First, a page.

Back to (brain) basics
(PhysOrg.com) -- In his own words, MIT neuroscientist Mark Bear admits he did not "wake up one day and say 'Hey, I'm going to cure autism.'" But, after decades of painstaking basic research on how the brain rewires itself in response to external cues, Bear has discovered a way to reverse the symptoms of Fragile X Syndrome, a disorder that can cause autism, mental retardation and epilepsy.
“It was a classic payoff of basic research,” says Bear, the Picower Professor of Neuroscience.
And Bear is not the only MIT neuroscientist discovering this payoff. Several basic research projects have recently yielded drugs now in clinical trials to treat a variety of brain disorders. Helped by advances in lab technology, neuroscientists have learned enough about how the brain works that they can start coming up with ways to treat problems that arise when something goes wrong, says Mriganka Sur, head of MIT’s Department of Brain and Cognitive Sciences.
“A lot of basic science is abstract, and necessarily so, but I foresee that as neuroscientists, we can have as much impact on brain disorders as biologists have had on cancer,” says Sur, whose own research has led to potential treatments for Rett Syndrome, a specific type of autism.
One of neuroscience’s major goals is unraveling the mechanisms of human learning and memory — a daunting task. One way that brain scientists narrow their approach is to target the connections between individual neurons, known as synapses.
At these synapses, neurotransmitters such as glutamate, dopamine or serotonin carry messages from one brain cell to another. Those chemicals set off a variety of responses in the receiving cell, such as electrical signals or producing another signaling molecule.
Sometimes the messages enact changes to the synapses themselves, usually a strengthening or weakening of the connection — a phenomenon known as synaptic plasticity. This plasticity forms the basis of learning and memory.
In the late 1980s, Bear’s research suggested that a cell receptor — called a metabotropic glutamate receptor — plays a critical role in synaptic plasticity. He was intrigued by its role in a phenomenon known as long-term depression, a suppression of synapses that helps shape brain connections during development. However, he had no inkling that it would lead him to a potential way to reverse autism symptoms.
“I had no idea what Fragile X was. None,” he says.
Many years later, after the Human Genome Project was completed, researchers linked Fragile X Syndrome to a gene that codes for a protein produced when synaptic metabotropic glutamate receptors are activated. After several years of experimentation, Bear realized that Fragile X protein actually inhibits the response to metabotropic glutamate receptors. When the fragile X protein is missing, overactivity of these glutamate receptors leads to excessive synaptic connectivity, protein synthesis, growth and excitability — all symptoms of Fragile X.
To prove his theory, Bear and his students crossed mice with Fragile X symptoms with mice that were genetically engineered to have fewer metabotropic glutamate receptors. The offspring were normal, showing that knocking out the glutamate receptor could reverse the symptoms of Fragile X.
“It was unbelievable,” Bear recalls. “It is absurd to think you could correct a disorder as varied as Fragile X by this one mechanism.”
This kind of result shows the value of the National Institute of Health’s approach to funding basic research, Bear says. In effect, the NIH is saying “keep working under the hood and I’m sure you’re going to find something important someday,” says Bear.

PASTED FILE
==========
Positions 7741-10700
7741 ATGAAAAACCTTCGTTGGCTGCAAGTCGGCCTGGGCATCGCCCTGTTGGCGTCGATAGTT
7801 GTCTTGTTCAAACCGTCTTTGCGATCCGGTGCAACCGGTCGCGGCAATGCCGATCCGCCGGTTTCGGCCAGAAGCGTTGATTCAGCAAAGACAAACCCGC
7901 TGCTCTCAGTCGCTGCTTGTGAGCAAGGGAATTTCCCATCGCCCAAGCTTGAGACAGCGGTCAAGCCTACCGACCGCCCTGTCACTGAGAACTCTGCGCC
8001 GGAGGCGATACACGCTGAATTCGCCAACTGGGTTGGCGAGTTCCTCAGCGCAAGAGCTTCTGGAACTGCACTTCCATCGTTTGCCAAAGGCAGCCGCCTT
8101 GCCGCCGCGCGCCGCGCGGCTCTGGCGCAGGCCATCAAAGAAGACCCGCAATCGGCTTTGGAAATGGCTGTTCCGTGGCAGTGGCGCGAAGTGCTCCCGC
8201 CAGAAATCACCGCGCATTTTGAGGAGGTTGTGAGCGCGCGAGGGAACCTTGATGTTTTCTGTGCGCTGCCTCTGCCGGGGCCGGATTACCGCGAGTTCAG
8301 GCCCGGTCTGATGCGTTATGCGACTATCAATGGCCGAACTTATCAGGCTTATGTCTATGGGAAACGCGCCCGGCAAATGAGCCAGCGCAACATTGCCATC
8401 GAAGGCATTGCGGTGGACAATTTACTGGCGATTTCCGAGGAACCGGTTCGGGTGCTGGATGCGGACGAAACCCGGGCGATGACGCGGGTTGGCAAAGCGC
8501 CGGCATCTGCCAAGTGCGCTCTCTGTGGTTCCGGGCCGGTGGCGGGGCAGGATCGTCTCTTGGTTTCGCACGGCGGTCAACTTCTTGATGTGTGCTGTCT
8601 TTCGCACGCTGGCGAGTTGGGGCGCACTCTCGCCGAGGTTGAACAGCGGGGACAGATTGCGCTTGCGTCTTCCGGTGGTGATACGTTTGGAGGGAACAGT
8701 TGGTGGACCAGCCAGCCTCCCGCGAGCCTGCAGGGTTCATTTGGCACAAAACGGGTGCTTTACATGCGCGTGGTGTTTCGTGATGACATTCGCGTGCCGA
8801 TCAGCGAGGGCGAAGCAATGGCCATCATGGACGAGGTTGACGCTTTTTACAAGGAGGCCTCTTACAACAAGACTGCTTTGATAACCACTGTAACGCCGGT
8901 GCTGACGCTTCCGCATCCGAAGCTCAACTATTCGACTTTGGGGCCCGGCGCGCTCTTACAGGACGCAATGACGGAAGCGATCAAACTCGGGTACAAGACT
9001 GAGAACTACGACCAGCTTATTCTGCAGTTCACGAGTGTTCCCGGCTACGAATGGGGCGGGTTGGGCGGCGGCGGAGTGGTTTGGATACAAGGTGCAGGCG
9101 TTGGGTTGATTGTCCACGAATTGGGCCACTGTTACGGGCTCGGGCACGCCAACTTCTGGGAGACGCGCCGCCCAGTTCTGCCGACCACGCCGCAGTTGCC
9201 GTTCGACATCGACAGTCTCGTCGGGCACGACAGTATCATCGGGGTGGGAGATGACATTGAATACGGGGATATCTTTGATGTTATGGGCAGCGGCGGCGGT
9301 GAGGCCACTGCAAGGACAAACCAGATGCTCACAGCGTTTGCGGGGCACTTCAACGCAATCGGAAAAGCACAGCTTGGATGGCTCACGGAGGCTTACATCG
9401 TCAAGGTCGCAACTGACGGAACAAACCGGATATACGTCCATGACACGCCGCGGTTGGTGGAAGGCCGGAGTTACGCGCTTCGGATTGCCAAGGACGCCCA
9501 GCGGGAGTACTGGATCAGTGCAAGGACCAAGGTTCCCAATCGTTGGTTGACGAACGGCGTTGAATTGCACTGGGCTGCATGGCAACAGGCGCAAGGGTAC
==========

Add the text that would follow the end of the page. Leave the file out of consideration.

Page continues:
Four drug companies, including one co-founded by Bear, are now testing drugs that inhibit glutamate receptors in Fragile X patients.
Successes like these prove the value of basic research, says Constantine Stratakis, director of scientific programs for the NIH’s National Institute of Childhood Health and Human Development. In fact, the lines between basic and clinical research are becoming increasingly blurred, he says. “There is no question that everything we do in clinical science is based on basic science,” says Stratakis.
Research in Sur’s lab has followed a similar arc. Clinical trials will start later this year for drugs based on Sur’s research on Rett Syndrome, which began as an effort to understand plasticity in neurons that process vision.
That work led naturally to studying brain disorders such as autism, because “disorders of development are disorders of how the brain is wired,” says Sur. “That’s why autism is so fascinating to me, because it maps so directly onto plasticity.”
So far, this approach of linking specific molecules to disease treatment has been most successful for specific types of autism caused by mutation of a single gene, such as Rett Syndrome and Fragile X Syndrome. However, Sur and Bear hope their work could also extend to other forms of autism someday.
“You need the basic science background to pursue treatments for these disorders, which has always been the Holy Grail for most if not all health sciences research,” says Sur.
In the laboratory of Li-Huei Tsai, director of MIT’s Picower Institute for Learning and Memory, recent advances have led to promising potential treatments for Alzheimer’s disease. Using a unique mouse model developed in her lab, she has shown that inhibiting a specific enzyme involved in brain plasticity can dramatically improve cognitive performance. A company called In Vivo, in Waltham, Mass., is now conducting phase I clinical trials of one such inhibitor.
Tsai is optimistic about those trials, and also believes there are many other brain disorders — such as post traumatic stress disorder, schizophrenia, and bipolar disorder — that could be treated with similar drugs. “Nothing can be more rewarding than knowing that what you do may one day benefit people who suffer from these devastating diseases,” she says.